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medical tec nicians. a earing will be eld at regional office *| öáeterminations by regional director are subject to discretionary review by t e Board À| Appropriate Bargaining Units !| Employer wants bigger bargaining agreement b/c t en less likely t e union is to win. !| Board considered t e possible alternatives.  cc   c  À| But unions also fare muc better if elections are eld wit in 2 mont s of petition *| Statute requires an (4. weig ed conflicting arguments. 499 p. and leaves and open-ended exception for cases in w ic a party can demonstrate exceptional circumstances. and ot er non-professionals. clerical workers. $( mO? t e ( appropriate bargaining unit À| EE¶r often seeks to alter t e petitioned-for unit to expand t e number of included job categories À| If t e parties cannot agree to a unit. !| ? e rule itself does not cover t e entire ealt -care industry. 606 (1991) À| Facts: ? e ospital industry soug t review claiming t at ³in eac case´ from § 9(b) meant t at t e Board ad to make individualized determinations of appropriate bargaining units and could not designate t em in advance t roug its rule making powers. decided against t em. guards. *| '$(" )$2  c.S. 1990) À| Facts: aospital association protested t e Board¶s use of its rulemaking aut ority to recognize only 8 bargaining units in t e acute-care ospital setting: P ysicians. ? e aospital industry objected to any rule requiring t e recognition of more t an t e statutory minimum. 64 | L a b o r L a w . ?akes more time to organize. but t e Board was justified in seeking to establis a rule t at would produce certainty and predictability in t e face of itsfailed attempt to use common law to arrive at a loose standard !| aospitals want fewer units to drive down bargaining costs and give t emselves a greater bargaining advantage !| pnions want more units t at are omogenous because it makes collective bargaining easier due to commonality of t e interests involved. 3 units. and gave plausible reasons for its c oice. À| aolding:? e Board¶s use of its rulemaking aut ority to eliminate discretion as to appropriate bargaining units from t e decisional process was itself discretionary and well warranted. reasoned. since it would only accept a minimum number of units already mandated in t e statute.    *| '$(" )$2  c. registered nurses. 899 F. skilled maintenance.2d 651 (7t Cir. ot er professionals.Is t ere a s ared community of interest? !| m#á   *   . and was entitled to judicial deference À| Rationale: ? e ospital industry objected to any rule w at-so-ever.$$.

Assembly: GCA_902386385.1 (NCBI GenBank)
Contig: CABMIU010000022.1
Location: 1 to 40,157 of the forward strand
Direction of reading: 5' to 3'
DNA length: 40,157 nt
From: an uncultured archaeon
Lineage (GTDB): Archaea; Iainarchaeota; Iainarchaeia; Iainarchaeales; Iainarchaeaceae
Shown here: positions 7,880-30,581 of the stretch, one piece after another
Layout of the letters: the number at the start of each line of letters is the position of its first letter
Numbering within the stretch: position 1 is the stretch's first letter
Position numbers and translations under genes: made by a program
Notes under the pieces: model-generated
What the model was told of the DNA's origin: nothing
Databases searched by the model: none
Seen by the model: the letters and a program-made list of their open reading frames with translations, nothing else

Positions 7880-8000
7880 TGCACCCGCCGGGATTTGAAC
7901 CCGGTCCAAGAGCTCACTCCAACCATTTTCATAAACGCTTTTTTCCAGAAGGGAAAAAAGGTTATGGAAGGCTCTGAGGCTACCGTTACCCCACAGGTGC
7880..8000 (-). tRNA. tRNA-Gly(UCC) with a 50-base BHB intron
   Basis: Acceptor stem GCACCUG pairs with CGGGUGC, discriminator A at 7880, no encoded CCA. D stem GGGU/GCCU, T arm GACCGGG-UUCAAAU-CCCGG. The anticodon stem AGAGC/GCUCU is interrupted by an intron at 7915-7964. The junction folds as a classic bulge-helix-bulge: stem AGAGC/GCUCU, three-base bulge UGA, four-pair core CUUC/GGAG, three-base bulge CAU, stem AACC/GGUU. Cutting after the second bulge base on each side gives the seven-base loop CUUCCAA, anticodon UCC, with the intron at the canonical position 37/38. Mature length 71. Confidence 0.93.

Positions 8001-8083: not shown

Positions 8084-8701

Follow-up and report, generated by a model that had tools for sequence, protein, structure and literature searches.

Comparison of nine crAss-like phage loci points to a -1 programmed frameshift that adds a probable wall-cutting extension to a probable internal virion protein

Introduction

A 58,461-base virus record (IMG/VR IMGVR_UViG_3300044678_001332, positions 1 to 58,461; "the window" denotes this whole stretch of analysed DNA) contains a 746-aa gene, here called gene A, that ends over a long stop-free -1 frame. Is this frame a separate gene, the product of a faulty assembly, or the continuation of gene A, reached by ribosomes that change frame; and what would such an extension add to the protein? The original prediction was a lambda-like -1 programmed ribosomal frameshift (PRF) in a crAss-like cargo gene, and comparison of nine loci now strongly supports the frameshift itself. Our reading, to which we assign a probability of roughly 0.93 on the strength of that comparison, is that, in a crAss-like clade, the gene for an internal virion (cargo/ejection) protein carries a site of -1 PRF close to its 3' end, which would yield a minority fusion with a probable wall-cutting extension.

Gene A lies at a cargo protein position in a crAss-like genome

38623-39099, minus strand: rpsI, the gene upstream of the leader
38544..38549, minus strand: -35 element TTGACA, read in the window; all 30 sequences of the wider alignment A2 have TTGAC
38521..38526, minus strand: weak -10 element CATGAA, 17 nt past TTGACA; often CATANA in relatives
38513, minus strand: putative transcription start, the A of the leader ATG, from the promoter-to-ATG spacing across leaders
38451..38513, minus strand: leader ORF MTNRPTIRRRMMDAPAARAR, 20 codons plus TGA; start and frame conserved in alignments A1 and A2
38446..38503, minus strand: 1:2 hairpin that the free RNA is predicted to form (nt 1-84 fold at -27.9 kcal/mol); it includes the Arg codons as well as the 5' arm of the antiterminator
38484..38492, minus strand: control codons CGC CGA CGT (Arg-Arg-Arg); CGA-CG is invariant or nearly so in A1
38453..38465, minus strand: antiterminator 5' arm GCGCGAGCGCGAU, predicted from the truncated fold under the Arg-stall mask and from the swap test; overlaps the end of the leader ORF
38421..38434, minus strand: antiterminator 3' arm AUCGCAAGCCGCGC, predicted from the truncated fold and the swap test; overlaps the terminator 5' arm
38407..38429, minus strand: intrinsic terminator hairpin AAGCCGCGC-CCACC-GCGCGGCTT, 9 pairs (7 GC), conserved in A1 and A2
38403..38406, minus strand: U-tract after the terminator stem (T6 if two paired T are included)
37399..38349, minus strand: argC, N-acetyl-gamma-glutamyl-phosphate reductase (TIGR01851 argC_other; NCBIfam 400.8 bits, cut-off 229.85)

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1983) À| Facts: pnion soug t and won recognition of single-store bargaining unit despite attempts by store c ain to ave t e Regional director certify a larger unit (all stores in t e p. its primary focus s ould be t e EE freedom of c oice in t e exercise of t eir rig ts under t e act and EE freedom can tip t e balance in determining w ic of 2 equally appropriate units s ould be preferred. but rejected t e ?aft proposal of limiting ealt care bargaining units to 5. À| aolding:? e Board¶s determination t at t e EE¶s at t e restaurant constituted an appropriate bargaining unit was wit in its discretion and supported by substantial evidence in t e record. !| ? e admonition by Congress to t e Board to prevent proliferation is not law and t e petitioner cannot argue t at 8 bargaining units represents a proliferation !| ? e rule is neit er arbitrary nor capricious because t e Board relied on 13 years of experience in developing t e rule. gave extensive consideration to t e issue of t e number and kind of bargaining units.  cc   c  À| aolding:? e Board is due substantial deference in t e use of its rulemaking aut ority to develop standards for t e exercise of its jurisdiction and w ere it develops a rule based on its expertise and extensive consideration to Congress¶ concerns and t e policies of t e Act. only an appropriate unit and t e BOP is on t e EE¶r to s ow t at t e Board¶s unit is '""/ inappropriate. but t at w enever t ere is a disagreement t e Board s all resolve t e dispute (³w enever necessary´). EE¶r refused to bargain and appealed a bargaining order again arguing against t e appropriateness of t e CBp. !| ? e Board is certainly allowed to develop rules to guide its discretion eit er t roug t e process of case-by-case adj. À| Rationale: ? e P rase ³in eac case´ does not mean t at t e Act requires a case-by-case determination of appropriate bargaining units. À| Rationale: ? e Board is not required to select t e most appropriate unit. 705 F. W ile t e Board s ould not ignore t e EE¶r¶s interest in maintain enterprise-wide labor relations.2d 570 (1st Cir. and created an exception w ere extraordinary circumstances would make application of t e rule arbitrary by ignoring substantial differences a given acute-care institution and t e ot ers upon w ic t e rule was developed. was initially proposed). or t e exercise of its rulemaking aut ority. !| Cannot find a basis for petitioner¶s contention t at t e rule delineating appropriate bargaining unit for an entire industry is qualitatively differing form prior rules establis ing presumption t at certain units would be considered appropriate in certain circumstances *| Rule ere is not irrebuttable and contains and exception *| @ust still apply t e rule in case-by case basis !| Congress concerned about possible disruption of ealt care and injury to t e public w en it passed t e bill extending mLRA coverage to private ealt care institutions.S. 65 | L a b o r L a w . *| &$%"/'   2  c.